iVEC@UWA supercomputer ushers in new era of data-intensive research
Australia moves a step closer to the top ranks of global supercomputing with The University of Western Australia’s purchase of the “Fornax” supercomputer, allowing scientists to explore new vistas of high-powered data-intensive research.
The supercomputer purchase is part of an $80m Australian Government Super Science Initiative to bolster Australia’s bid for the Square Kilometre Array through the creation of the Pawsey Centre, a petascale supercomputing facility supporting radio astronomy and boosting Australian supercomputing resources for data-intensive research in areas such as nanoscience, geoscience and other computational communities.
Fornax is Latin for ‘furnace’ and is the name of a southern hemisphere constellation identified by Nicolas Louis de Lacaille in 1756. This name is representative of the supercomputer’s capability for dealing with data-intensive problems, which is expected to be of particular use to the radio astronomy computing community.
Representing the second pathfinder system in the Pawsey Centre project that will see a purpose-built supercomputer facility constructed at CSIRO’s Australian Resources Research Centre (ARRC) in Kensington, Fornax will be located in The University of Western Australia’s Physics Building as part of the iVEC@UWA Facility. As part of the Pawsey Centre project, Fornax will be managed and operated by WA supercomputing leader iVEC.
The supercomputer system procured from SGI comprises 96 nodes, each containing two 6-core Intel Xeon X5650 CPUs, an NVIDIA Tesla C2050 GPU and 48 GB RAM, resulting in a system containing 1152 cores and 96 GPUs.
The system also has a 500 TB global filesystem, in addition to each node having 7 TB of local disk space. One distinguishing feature of the system, allowing it to tackle data-intensive problems, is the presence of two InfiniBand networks. The first allows each node to access the global filesystem, while the second allows nodes to access the local disks on neighbouring nodes. This dual-rail system also allows separation of MPI traffic from storage traffic.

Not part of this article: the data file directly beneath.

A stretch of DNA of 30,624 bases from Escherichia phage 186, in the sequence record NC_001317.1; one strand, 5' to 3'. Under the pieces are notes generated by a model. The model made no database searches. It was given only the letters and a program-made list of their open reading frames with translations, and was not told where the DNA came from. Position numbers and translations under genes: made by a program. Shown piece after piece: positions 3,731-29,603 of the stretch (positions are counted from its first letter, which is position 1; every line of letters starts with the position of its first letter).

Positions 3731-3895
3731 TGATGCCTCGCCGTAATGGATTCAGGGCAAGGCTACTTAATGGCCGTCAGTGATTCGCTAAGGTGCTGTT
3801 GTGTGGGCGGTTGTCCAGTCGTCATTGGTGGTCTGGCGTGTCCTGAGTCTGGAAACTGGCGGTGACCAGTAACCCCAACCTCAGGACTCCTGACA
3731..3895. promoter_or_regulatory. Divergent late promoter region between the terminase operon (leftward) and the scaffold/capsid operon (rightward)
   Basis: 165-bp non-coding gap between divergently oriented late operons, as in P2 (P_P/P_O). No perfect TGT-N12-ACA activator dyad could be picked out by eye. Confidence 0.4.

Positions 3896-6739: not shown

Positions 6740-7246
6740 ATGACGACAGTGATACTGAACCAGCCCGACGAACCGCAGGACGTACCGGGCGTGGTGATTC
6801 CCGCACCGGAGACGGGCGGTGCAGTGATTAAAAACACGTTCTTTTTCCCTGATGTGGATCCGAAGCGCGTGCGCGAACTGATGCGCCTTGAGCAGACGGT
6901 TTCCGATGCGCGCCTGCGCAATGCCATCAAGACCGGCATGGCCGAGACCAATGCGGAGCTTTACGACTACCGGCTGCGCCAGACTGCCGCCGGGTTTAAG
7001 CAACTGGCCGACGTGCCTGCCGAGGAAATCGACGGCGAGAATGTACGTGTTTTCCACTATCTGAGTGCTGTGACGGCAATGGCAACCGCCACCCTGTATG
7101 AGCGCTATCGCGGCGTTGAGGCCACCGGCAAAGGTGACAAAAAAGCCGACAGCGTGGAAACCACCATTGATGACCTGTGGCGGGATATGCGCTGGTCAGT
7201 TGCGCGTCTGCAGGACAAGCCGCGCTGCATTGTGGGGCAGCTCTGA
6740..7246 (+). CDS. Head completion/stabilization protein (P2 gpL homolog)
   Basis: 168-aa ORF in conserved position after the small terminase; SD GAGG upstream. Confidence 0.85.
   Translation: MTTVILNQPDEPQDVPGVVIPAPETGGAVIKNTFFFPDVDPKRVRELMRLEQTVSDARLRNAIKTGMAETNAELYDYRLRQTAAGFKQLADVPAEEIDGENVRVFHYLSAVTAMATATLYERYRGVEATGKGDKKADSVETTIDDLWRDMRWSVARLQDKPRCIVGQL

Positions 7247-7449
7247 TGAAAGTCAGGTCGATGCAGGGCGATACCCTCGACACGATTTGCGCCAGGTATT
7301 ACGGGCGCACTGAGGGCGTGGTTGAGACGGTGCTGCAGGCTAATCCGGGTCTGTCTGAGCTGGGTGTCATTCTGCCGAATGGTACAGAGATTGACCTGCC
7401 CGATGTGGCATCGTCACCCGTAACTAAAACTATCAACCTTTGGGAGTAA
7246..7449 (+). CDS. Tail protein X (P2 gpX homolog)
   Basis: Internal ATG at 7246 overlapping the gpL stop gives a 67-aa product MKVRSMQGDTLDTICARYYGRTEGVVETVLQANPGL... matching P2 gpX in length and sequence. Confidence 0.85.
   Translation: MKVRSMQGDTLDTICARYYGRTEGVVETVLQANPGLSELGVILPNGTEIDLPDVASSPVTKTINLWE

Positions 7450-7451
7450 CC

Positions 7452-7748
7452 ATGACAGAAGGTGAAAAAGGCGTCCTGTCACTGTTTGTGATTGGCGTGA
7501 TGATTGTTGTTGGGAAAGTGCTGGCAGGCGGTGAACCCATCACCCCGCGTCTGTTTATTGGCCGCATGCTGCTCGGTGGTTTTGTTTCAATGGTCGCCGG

The networking component comprises a Cisco Nexus 7009 switch located at UWA to provide layer 3 services, and two Cisco Nexus 5548 layer 2 switches for connectivity to the front-ends of the SGI compute system, along with passive 8-channel coarse and dense wave division multiplexors providing multiple 1 Gbps and 10 Gbps connections across a single fibre pair back into the core of the iVEC metropolitan area network at the ARRC facility.
The Nexus 7009 switch includes dual supervisors and M1 linecards for redundancy, and supports a total of 80 SFP- and X2-based 10 GbE interfaces. The Nexus 5548 switches provide a total of 96 10 GbE ports at full line rate, and will be connected via a virtual port channel to the Nexus 7009. The SGI front-end nodes will be dual-connected to the Nexus 5548 switches for redundancy.
The procurement also includes concomitant upgrades to the core of the iVEC network for connectivity to the Nexus 7009, and to increase the bandwidth into iVEC's Petascale Data Store, also located at ARRC.
Professor Andrew Rohl, iVEC Executive Director, said: “Fornax is a machine tailored for data-intensive computing in such areas as radio astronomy and the geosciences.
“The combination of GPUs and fast local disk distributed between neighbouring compute nodes provides a unique system for our data-intensive researchers.”